The Needle: What's Hot, What's Not

For our September issue, we took the pulse of three area restaurants.

By: Todd Kliman, Ann Limpert, Rina Rapuano

Zentan

The best time to visit an outpost of a celebrity chef’s empire is usually within the first three months, when the big guns stick around to make sure things run smoothly. That’s not the case with Zentan, Susur Lee’s ultra-loud, barely lit restaurant in the Donovan House hotel, which over the course of a year has only gotten better. Highlights from a recent meal include the signature garlic chicken, tender and crisp-skinned as Peking duck; skewers of beef and pork satay; slices of pristine yellowtail and madai sushi; and a knockout mai tai. Desserts—a boring list that includes crème brûlée and molten chocolate cake—are skippable.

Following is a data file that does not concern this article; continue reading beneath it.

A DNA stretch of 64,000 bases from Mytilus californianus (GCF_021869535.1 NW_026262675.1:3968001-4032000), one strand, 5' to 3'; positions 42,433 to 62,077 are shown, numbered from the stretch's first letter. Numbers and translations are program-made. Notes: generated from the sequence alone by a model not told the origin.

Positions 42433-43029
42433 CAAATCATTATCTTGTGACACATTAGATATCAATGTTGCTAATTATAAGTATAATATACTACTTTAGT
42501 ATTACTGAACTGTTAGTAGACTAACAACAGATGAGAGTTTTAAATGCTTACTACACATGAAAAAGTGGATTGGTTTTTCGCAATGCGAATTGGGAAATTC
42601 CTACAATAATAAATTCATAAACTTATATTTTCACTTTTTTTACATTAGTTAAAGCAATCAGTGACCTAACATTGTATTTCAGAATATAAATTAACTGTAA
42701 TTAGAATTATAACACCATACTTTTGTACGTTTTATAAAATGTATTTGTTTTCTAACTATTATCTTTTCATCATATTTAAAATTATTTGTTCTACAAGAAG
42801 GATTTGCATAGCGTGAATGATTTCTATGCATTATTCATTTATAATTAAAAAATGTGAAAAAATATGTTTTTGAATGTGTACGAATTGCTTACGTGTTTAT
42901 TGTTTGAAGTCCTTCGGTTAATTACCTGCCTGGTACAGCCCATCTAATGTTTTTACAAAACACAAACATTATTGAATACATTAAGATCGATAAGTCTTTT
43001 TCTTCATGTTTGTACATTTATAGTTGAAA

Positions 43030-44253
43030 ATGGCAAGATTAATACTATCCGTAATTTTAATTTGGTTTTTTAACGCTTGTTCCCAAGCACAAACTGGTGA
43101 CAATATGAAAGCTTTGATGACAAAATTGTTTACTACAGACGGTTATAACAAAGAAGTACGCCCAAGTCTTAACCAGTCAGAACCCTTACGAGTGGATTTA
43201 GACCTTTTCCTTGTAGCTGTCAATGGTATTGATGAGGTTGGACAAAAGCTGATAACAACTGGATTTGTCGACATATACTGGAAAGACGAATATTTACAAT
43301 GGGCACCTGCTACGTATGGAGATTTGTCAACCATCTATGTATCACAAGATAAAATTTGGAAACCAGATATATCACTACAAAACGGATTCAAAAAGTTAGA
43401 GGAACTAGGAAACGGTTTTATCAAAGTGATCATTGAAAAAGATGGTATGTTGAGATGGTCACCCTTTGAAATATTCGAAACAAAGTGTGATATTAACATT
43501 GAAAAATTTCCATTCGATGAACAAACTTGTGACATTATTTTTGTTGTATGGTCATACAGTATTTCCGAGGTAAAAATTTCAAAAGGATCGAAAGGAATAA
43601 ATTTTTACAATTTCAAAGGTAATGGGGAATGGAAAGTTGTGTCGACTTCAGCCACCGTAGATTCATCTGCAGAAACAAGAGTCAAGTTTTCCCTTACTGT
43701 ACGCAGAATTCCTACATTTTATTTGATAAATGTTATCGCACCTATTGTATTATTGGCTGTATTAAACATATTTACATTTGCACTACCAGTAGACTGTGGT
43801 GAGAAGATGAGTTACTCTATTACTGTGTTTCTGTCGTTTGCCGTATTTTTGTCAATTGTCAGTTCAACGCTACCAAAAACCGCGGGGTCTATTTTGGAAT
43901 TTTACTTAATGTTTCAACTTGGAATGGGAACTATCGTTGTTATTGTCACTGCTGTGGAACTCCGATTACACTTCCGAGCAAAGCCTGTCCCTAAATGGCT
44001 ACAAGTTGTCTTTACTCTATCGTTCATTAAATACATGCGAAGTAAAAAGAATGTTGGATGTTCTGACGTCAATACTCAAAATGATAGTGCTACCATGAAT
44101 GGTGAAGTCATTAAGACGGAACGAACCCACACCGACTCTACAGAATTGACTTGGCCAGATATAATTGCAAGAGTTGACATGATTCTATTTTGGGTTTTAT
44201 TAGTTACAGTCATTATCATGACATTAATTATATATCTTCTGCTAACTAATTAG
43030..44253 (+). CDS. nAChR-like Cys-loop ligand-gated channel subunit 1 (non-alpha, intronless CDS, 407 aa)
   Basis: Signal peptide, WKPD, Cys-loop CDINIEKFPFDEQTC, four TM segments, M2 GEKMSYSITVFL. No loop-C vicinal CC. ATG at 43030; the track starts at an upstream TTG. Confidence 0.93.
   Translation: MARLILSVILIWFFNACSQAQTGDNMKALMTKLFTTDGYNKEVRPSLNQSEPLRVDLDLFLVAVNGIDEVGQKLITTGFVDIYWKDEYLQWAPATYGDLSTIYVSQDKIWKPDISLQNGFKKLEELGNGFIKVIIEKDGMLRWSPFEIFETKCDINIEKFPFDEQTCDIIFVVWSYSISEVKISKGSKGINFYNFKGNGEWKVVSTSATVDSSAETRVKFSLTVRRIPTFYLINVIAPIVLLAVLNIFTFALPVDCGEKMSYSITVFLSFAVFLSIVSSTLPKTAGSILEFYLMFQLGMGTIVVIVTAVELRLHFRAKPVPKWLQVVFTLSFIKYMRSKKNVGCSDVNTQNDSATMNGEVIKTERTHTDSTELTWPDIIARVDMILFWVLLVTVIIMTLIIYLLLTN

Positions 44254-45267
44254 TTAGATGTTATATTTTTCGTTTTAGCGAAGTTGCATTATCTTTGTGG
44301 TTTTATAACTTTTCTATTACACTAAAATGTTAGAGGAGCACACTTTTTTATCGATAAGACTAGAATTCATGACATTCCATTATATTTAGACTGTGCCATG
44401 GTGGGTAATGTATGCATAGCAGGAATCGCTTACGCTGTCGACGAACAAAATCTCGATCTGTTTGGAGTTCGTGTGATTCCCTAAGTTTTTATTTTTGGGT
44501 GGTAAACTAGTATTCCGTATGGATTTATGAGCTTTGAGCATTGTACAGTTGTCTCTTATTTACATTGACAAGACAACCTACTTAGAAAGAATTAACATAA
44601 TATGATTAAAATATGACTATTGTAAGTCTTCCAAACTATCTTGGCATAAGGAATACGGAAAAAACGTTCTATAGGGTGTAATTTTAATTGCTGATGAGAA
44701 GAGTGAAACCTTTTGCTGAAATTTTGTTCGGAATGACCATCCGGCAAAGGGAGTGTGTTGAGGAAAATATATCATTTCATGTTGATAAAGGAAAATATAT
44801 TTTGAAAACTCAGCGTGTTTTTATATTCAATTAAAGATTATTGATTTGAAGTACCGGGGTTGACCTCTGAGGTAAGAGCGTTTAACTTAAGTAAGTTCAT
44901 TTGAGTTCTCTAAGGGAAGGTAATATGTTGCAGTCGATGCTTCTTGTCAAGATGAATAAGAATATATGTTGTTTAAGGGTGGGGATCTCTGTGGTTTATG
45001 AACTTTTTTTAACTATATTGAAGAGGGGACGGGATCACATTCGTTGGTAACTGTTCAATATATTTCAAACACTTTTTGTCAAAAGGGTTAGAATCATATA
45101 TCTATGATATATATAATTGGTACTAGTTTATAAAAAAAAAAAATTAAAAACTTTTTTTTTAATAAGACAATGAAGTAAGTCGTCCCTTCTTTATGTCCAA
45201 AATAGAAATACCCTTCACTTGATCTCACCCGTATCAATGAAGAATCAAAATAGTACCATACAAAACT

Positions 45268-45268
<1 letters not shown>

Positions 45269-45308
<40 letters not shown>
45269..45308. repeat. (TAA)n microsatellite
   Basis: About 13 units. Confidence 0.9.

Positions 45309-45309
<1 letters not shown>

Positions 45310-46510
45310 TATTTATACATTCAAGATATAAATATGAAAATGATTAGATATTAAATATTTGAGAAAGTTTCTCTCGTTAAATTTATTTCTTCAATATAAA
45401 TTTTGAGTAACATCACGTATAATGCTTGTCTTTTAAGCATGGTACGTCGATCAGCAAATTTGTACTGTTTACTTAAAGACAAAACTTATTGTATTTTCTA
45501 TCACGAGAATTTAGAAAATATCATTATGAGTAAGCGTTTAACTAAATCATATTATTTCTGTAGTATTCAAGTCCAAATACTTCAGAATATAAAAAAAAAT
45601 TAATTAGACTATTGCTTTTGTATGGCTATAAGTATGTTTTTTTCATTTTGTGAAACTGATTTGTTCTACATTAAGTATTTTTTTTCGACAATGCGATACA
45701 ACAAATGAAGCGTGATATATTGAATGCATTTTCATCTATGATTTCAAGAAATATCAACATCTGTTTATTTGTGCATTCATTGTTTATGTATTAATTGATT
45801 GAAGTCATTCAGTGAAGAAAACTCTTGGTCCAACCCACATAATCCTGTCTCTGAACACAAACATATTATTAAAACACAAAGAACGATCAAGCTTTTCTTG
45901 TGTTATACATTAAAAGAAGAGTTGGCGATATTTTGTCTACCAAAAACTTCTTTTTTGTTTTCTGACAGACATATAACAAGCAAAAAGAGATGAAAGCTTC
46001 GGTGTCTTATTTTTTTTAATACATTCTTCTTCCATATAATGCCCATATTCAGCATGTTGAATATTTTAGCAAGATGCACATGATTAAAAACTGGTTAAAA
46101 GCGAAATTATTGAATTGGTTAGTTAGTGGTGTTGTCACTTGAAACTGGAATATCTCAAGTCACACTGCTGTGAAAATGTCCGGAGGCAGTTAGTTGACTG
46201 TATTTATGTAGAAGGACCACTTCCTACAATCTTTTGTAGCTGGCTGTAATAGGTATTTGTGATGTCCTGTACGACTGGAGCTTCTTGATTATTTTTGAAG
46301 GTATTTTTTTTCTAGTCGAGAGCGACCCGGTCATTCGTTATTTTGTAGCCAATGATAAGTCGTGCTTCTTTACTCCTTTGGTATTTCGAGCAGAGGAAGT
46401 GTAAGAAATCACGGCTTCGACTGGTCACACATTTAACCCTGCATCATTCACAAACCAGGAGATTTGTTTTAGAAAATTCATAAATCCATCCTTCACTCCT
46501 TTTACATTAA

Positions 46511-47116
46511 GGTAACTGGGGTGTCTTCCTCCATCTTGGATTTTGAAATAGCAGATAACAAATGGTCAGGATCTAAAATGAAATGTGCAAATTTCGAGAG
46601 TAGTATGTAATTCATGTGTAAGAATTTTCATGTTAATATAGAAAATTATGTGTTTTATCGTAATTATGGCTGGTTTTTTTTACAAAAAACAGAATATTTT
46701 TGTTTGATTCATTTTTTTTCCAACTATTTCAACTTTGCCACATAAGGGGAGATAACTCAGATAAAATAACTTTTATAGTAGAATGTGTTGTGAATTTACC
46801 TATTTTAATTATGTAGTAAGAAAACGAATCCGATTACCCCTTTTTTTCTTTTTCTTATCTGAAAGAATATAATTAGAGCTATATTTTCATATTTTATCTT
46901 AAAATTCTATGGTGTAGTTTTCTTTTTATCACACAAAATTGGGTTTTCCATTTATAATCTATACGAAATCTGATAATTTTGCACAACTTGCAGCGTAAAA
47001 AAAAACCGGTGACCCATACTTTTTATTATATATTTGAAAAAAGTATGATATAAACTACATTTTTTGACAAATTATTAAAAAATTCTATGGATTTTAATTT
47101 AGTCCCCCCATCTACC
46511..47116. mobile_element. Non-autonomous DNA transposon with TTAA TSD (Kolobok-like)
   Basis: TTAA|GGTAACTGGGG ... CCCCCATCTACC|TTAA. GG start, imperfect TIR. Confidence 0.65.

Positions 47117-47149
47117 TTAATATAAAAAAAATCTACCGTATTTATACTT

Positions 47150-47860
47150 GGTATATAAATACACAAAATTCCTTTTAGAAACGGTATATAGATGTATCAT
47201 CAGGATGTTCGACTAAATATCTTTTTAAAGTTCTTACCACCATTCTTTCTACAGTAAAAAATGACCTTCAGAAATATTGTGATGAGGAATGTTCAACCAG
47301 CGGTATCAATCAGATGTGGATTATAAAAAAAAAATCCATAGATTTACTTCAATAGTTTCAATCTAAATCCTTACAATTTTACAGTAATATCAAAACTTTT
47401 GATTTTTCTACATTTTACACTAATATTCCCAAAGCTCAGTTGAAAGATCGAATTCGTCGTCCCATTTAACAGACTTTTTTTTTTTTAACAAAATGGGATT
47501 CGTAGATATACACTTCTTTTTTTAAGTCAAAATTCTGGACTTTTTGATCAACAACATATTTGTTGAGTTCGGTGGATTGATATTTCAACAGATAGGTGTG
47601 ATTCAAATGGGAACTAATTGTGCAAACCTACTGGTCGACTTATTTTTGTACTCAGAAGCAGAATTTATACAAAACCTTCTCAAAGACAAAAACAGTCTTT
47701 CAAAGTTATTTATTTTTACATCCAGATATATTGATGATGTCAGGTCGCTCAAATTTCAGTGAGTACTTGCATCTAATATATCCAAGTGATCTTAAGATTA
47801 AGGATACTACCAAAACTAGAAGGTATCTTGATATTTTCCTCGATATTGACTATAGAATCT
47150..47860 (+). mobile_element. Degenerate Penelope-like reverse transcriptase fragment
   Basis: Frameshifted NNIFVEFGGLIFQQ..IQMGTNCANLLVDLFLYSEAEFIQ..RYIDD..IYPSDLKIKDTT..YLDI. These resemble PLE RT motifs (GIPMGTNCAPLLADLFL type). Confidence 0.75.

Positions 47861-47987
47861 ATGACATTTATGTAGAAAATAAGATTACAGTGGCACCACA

Jackie’s

Diana Davila-Boldin is the third chef to command this kitchen in the past year. Here’s hoping she sticks around. Whether it’s a simple salad or a Korean-accented tuna presentation, her plates have been full of imagination and finesse, and she has a penchant for sneaking vegetables in where you’d least expect them, producing meals of surprising wholesomeness. Even her brilliant empanadas taste light. Not everything is good for you: The “Flintstonian ribs,” two giant racks smoked, braised, then glazed with a Southwestern pepper sauce, are better than anything you’ll find in a barbecue joint. Davila-Boldin dubbed them a seasonal special—let’s hope they return.


Eventide

Restaurant service rarely hits all the right notes, but everyone seems to get it right at this smartly decorated, velvet-swathed dining room. The food mostly pleases, too. A caprese salad was elevated by rooftop-grown tomatoes and house-made mozzarella. Crisp-skinned chicken with biscuit stuffing upstaged lobster gnocchi, which was flavor-packed but dulled by leaden dumplings. For dessert, the light-as-air cheesecake bested a too-dense blueberry cake. But the misses are hard to remember after such a good time.

This article appears in the September 2010 issue of The Washingtonian. 

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